Then there was the requisite birthday party of mid-thirties women who were well on their way to hammered and the main partakers in the Karaoke.

Add to this picture a few scattered, worn looking regulars and you have the scene.

The astounding thing about Karaoke is the song choice and the amazing surprises that come your way when you think you’ve stereo-typed someone.

I expected Madonna and Alanis Morisette from the women … and they delivered, complete with some raunchy dance moves (Shoop – Salt ‘n Peppa) accompanied by some self-conscious giggling.

I expected Johnny Cash from the worn looking, mullet donning man.  No go.  Instead was some obscure love song, so genuinely delivered that it made up for the terrible rendition of a terrible song (You Oughta Know).  And all of a sudden, karaoke stopped being such a joke and started to become something else.

Hokey and super lame, I know, but there is something so heart wrenching about a person up on stage singing their heart out with eyes closed not giving a rat’s arse about who is listening, but doing it for the sake of doing it and not to impress some girl or make friends laugh.  And maybe I’m making something beautiful out of a drunk loner who doesn’t even remember that he was at a karaoke bar, much less singing.  And I realize that this possibility is very likely, but I like to think in spite of the drunk, repressed women and the group I was with (also drunk and repressed), a moment of beauty occurred.  Or a few.

HE SAID: Karaoke

October 26, 2009

Most of you think I’m probably about to rip Nifer a new one for taking a seemingly fun and drunken night out and turning it into some sort of introspective look at drunken culture. However, I have to admit it, I get it. I see her point, I just hadn’t thought about it in that light before. That being said, I still think you might have been reading a bit too much into JP’s Karaoke scene. While I agree that there is something a bit depressing about CERTAIN karaoke performances, most karaokeing falls into three categories: self-serving, entertaining, and downright shitty.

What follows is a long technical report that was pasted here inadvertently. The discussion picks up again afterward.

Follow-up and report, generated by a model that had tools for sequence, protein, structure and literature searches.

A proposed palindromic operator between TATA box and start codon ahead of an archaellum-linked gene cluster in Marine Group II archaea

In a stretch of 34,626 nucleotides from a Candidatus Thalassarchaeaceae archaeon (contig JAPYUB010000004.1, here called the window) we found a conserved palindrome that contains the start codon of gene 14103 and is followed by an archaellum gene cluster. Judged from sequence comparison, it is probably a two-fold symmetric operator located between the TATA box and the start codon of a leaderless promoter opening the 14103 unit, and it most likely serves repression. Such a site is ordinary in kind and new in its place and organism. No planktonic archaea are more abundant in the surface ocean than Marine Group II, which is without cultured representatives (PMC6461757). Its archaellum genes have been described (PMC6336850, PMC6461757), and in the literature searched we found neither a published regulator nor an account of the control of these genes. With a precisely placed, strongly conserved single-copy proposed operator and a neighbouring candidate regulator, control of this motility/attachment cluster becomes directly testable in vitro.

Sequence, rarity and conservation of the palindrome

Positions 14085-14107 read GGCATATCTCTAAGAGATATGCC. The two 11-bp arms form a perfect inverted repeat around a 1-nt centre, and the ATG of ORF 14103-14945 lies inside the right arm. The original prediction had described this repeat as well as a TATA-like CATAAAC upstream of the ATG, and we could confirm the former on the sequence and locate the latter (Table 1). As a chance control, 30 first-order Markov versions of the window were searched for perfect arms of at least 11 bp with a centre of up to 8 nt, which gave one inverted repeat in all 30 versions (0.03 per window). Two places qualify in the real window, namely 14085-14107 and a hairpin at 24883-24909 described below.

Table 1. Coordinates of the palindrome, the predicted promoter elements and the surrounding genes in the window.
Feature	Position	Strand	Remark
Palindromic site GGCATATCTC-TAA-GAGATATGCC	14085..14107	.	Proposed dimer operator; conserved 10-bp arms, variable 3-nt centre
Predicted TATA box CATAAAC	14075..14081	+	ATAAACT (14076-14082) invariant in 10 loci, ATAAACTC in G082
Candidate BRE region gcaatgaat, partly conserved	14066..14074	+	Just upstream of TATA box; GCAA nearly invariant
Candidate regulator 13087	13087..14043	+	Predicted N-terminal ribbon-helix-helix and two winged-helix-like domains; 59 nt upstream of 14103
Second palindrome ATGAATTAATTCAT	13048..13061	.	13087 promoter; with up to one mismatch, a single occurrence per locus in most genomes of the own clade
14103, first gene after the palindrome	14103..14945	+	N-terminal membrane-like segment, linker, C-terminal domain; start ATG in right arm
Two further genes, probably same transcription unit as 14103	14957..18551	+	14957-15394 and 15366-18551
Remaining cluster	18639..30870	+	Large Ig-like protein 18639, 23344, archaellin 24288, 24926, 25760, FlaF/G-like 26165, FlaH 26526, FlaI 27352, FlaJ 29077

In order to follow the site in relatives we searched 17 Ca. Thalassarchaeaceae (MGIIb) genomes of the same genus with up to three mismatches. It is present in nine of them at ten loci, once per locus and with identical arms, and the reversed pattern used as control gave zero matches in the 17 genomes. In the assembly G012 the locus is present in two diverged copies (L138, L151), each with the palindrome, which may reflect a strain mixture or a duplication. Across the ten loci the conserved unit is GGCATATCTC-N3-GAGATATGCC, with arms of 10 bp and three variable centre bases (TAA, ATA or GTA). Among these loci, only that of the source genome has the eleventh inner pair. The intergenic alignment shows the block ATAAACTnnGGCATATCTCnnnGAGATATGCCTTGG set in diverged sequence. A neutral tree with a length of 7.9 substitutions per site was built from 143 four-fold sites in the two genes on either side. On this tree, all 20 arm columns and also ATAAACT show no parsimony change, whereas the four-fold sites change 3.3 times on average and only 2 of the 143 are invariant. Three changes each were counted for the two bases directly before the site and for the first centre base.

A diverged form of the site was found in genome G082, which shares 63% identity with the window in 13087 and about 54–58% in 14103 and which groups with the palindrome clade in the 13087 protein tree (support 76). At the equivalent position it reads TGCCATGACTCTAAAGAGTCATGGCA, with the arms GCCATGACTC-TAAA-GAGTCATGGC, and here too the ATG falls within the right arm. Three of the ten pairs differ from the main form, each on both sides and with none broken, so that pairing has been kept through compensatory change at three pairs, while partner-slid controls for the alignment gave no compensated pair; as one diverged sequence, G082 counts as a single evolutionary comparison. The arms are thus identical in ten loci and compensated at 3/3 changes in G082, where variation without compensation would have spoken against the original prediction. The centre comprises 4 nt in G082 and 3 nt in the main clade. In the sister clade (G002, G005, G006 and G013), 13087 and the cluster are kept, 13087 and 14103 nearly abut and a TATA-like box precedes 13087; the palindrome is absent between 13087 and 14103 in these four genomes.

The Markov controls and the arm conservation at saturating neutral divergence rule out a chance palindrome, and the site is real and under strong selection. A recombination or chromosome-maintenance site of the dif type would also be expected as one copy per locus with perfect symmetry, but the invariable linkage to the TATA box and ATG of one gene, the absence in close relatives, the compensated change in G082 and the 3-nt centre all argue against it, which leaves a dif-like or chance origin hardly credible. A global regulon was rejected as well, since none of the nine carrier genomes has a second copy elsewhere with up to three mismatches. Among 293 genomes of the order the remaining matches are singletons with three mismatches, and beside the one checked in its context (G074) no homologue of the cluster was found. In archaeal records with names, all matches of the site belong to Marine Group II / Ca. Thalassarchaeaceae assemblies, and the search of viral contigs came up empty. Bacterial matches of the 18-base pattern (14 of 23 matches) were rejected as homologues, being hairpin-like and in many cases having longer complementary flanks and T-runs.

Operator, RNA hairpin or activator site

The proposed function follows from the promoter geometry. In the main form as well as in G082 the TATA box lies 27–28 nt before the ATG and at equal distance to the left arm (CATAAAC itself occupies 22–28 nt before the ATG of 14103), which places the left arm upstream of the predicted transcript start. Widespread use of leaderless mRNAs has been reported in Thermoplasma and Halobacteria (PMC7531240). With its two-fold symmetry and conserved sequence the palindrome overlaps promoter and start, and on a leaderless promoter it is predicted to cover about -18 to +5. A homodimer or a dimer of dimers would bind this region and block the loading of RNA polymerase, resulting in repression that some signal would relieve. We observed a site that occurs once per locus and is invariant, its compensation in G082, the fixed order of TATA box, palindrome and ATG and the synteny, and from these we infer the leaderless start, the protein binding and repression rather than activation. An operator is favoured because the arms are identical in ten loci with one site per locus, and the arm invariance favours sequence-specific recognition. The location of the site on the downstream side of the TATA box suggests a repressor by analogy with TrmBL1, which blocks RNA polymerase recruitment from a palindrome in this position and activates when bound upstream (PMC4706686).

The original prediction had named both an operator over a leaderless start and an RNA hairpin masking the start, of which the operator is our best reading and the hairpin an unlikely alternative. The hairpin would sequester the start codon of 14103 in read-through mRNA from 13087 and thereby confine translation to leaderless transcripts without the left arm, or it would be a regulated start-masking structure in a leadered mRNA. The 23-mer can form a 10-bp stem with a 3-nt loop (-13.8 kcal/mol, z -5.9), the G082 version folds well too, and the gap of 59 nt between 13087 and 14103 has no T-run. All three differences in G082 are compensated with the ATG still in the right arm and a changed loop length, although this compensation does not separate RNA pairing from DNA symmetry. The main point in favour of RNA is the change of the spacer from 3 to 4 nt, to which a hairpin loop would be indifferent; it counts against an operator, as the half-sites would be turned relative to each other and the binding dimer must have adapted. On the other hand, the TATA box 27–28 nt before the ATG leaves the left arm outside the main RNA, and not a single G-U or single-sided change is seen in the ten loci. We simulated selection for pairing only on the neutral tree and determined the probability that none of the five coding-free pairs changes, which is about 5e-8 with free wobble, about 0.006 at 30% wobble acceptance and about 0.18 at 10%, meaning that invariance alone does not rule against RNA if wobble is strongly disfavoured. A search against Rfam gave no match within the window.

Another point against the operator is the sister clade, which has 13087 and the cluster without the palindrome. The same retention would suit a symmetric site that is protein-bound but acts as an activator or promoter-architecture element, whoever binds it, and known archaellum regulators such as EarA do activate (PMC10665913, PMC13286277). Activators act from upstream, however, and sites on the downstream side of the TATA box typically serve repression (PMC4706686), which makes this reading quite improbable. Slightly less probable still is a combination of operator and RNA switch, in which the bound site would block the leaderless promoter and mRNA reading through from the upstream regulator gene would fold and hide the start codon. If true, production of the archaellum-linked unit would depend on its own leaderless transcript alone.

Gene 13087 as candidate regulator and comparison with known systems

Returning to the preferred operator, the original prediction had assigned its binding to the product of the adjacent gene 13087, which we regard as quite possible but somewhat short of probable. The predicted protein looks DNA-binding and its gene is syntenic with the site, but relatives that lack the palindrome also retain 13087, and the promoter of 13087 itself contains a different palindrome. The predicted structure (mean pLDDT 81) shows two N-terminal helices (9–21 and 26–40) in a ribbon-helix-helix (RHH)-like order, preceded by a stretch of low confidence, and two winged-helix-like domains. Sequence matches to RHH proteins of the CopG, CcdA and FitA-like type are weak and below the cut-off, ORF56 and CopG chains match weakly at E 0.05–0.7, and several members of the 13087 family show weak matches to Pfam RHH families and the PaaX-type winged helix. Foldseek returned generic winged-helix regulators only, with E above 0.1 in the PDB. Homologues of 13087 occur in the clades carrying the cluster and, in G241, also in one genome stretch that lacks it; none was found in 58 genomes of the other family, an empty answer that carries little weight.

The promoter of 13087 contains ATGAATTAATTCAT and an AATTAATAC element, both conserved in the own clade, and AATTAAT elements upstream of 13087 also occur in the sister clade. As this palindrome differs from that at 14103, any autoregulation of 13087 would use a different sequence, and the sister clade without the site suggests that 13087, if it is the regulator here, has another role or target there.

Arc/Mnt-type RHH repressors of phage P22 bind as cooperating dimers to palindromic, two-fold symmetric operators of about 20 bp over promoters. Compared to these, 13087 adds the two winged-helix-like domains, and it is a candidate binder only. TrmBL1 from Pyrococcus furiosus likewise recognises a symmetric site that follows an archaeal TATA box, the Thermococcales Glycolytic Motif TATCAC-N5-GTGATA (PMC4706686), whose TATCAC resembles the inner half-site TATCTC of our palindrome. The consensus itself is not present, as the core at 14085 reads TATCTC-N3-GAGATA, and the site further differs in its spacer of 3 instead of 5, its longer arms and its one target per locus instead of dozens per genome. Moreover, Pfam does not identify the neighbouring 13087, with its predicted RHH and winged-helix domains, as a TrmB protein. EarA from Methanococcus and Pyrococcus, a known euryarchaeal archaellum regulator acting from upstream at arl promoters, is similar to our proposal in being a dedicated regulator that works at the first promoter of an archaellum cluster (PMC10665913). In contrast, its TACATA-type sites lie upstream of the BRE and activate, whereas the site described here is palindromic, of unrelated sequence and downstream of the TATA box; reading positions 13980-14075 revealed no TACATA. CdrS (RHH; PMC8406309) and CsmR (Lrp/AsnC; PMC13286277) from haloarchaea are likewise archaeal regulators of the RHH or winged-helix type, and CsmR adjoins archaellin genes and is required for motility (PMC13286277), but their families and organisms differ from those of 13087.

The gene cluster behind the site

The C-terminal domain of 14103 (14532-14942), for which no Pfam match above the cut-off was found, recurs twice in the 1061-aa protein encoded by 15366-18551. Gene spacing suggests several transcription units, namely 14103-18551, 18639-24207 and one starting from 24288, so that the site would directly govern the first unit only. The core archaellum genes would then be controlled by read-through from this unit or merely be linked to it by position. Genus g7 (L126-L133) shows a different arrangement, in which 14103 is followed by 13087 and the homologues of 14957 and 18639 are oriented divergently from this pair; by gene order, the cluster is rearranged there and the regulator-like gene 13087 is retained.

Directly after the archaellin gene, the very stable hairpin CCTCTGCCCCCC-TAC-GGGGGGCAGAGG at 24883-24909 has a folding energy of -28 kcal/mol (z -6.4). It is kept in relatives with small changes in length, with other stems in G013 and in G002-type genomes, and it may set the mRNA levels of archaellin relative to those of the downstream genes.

The issue with self-serving people is that they are not singing to entertain the crowd; instead they are simply trying to wow you with their singing prowess. Believe you me, I am not at a Karaoke bar on a Friday night to see some choir couple gush into each other’s eyes while belting out “I Got You Babe.” If you have a great voice, by all means use it…just make sure you’re not obviously trying to show off, do your best to make sure your performance falls into…

Entertaining. These performances are what makes a karaoke night fun. Some people get up there with great voices, sing a fun song (note: Only the Good Die Young does not qualify as a good karaoke song, and hasn’t since the Wall was still up), and really get the crowd into it. Others get up there with a relatively crappy voice, but still manage to be entertaining. This latter category, I’m proud to say, is the one I fall into.

I have actually only performed actual karaoke twice. First time I was with a few guys on Spring Break down in Turks & Caicos. While my song selection was somewhat cheesy – “You’ve Lost that Loving Feeling” – the fact that my buddy and me performed the whole Top Gun scene leading up to the song really revved up the crowd and we didn’t buy a drink the rest of the night (that last part is probably a lie, but I like to remember it that way).

The second time was here in Stowe, and I wasn’t even inebriated. I just felt like having a good time. Even if that good time meant singing “Keep on Lovin’ You” by REO Speedwagon. People clapped and sang along, so I felt somewhat accomplished. Finally, this isn’t really karaoke, but I am not ashamed to admit that this is me. I promise, if you click on the link, you will be entertained.

The last category is perhaps the most painful. These people suck at singing (and many times think they are good), pick lame songs, and don’t engage with the crowd at all. These folks are probably up there singing something along the lines of “Like A Prayer” because they either A. think it’s cool or B. lost their virginity to it while in the back of their Mom’s Buick Skylark in 1989. Often times these people will cause such discomfort amongst fellow bar patrons, a cigarette break or bathroom run is the only hope of respite. But then again, I look at this guy and am completely confounded. He is awful, I want to break a bottle of Bud over his head, but yet I can’t look away, and have a feeling I’d probably be cheering him if I was there…